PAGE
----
Tuesday, July 28, 2009
Day 11: The Craters of the Moon
There are three things that gave special significance to me when we visited Craters of the Moon yesterday. First, its formal launch as a National Monument in 1924 was on the same day as my birthday 24 years later. Second, it was named a National Monument by Calvin "Silent Cal" Coolidge, the 30th president of the US and the only one to come from my home state of Vermont.
Third, about 150 years ago, a pioneer heading to Oregon described Craters of the Moon as "the Devil's Vomit," which is something I have been called a few times in my life.
Actually, there was a fourth connection. The Craters of the Moon had most of its hot and fiery activity many years ago and today it is crusty and pretty much sedentary.
When he made this fantastic place a federal park, old Silent Cal called it "weird and scenic". Today "weird" carries a slightly different meaning, but back then it mostly referred to things that were not like other things, kind of other-worldly. In that sense, Craters of the Moon is still weird. And wonderful.
It is a lovely legacy of thousands of years of volcanic eruptions. Massive fields of lava are frozen in time, some so fluid at the time they hardened you can almost see them rippling today. Some of the volcanoes erupted so violently that they destroyed themselves in the process, and there are places you can see large fragments of the craters scattered among the lava flows.
And throughout, but particularly in a section called the Devil's Orchard, you can see life growing among the lava and rocks as centuries of dirt finally settles atop them and the hardiest plants borne by birds and the wind take root.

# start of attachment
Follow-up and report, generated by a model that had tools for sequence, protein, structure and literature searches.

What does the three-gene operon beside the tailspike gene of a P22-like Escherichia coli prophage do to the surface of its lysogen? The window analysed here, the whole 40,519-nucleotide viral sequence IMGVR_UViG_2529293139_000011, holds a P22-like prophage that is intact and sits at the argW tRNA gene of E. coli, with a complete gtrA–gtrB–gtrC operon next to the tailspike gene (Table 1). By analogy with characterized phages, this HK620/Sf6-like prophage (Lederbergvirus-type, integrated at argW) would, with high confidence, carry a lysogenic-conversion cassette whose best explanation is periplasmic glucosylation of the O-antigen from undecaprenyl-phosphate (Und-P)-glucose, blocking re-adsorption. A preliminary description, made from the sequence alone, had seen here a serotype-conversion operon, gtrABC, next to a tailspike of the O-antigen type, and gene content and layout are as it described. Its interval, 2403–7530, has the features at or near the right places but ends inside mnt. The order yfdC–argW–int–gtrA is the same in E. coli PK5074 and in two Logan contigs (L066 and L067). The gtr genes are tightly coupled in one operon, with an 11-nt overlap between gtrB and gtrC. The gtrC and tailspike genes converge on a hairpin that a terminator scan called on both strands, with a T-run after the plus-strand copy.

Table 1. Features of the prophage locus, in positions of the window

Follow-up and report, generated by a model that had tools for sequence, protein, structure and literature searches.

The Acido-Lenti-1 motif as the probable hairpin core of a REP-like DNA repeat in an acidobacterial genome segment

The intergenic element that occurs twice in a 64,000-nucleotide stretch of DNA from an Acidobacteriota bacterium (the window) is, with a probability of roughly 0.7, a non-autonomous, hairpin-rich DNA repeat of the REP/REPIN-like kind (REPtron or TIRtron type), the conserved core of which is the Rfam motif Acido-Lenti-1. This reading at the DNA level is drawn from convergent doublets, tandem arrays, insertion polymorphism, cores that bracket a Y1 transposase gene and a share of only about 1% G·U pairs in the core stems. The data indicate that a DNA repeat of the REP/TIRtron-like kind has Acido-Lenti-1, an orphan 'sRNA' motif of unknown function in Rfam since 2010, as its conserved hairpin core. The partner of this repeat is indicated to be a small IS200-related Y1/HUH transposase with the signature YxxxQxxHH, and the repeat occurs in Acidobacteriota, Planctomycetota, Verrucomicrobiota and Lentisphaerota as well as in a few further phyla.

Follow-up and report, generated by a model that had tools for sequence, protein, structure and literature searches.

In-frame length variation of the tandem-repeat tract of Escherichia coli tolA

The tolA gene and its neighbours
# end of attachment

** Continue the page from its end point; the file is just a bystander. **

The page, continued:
It is desolate, but not in the way the Nevada desert seemed so barren. The frozen rivers of lava, the Great Rift of Idaho where the earth split and huge mounds of cinders are permanent testament to the fury of dozens of volcanoes exploding over thousands of years.
LK and I hold a fascination with volcanoes, fault lines and those other places that give such strong evidence of the turmoil inside our planet.We have walked among steaming outlets in Montserrat several years before it exploded, as well as smelled the sulfur on the Big Island in Hawaii. Last year, we visited Vesuvius, and we have been at the Eastern Africa Rift. Yet today was as spectacular a display of the power of volcanoes as I have seen.
And I have saved the best for last.
Deep into the park, there is a massive cinder mound. It's about a quarter-mile walk to the top and about 165 feet (60m) rise in elevation at a 15-degree pitch. (The standard wheelchair ramp pitch is about half of that.)
The picture to the left is near the top, and the people behind me are probably halfway down to the car parking, which is just barely visible.
Well, we haven't been walking the streets of Greenwich to get over here and be intimidated by a (big) pile of old ashes. "Shall we climb it?" I asked LK.
She calculated how hard it would be to drag me down the hill if I collapsed. It soon dawned on her that she could just roll me, and said "Sure".
Off we went, and quite frankly it was nowhere near as hard as it was walking up the stairs a year ago. I huffed and puffed a bit, but really never had a problem. And once we got to the top, what a payoff!
The views of the Great Rift are spectacular. In every direction, you see for miles, and it was well worth the effort. I even got to do a fairly poor form of the Warrior, as you can see at the top of this post. Plenty of pictures from the top and elsewhere in the park here.
On the way back down we encountered several people persevering in the climb. One guy who was not in particularly great physical shape looked to be reconsidering. And as you do here in the US, we said Hi and smiled at everyone we passed.
When he had gone on, I turned to Linda having gained a genuine insight. "You know," I said, "every one of them is looking at me and saying to themselves, 'If he could make it, so can I'."
PS Sports Bulletin. In the third day of competition, the tie was broken. LK won 2-1 in a bitterly fought oldies contest. DK took the early lead when The Crew-Cuts came on, but LK parlayed two old white guys, Paul Anka and Bobby Darin, to win the day. DK remains convinced that Patti Page was a good choice for the contest, but after three days no one has once asked how much is that doggie in the window.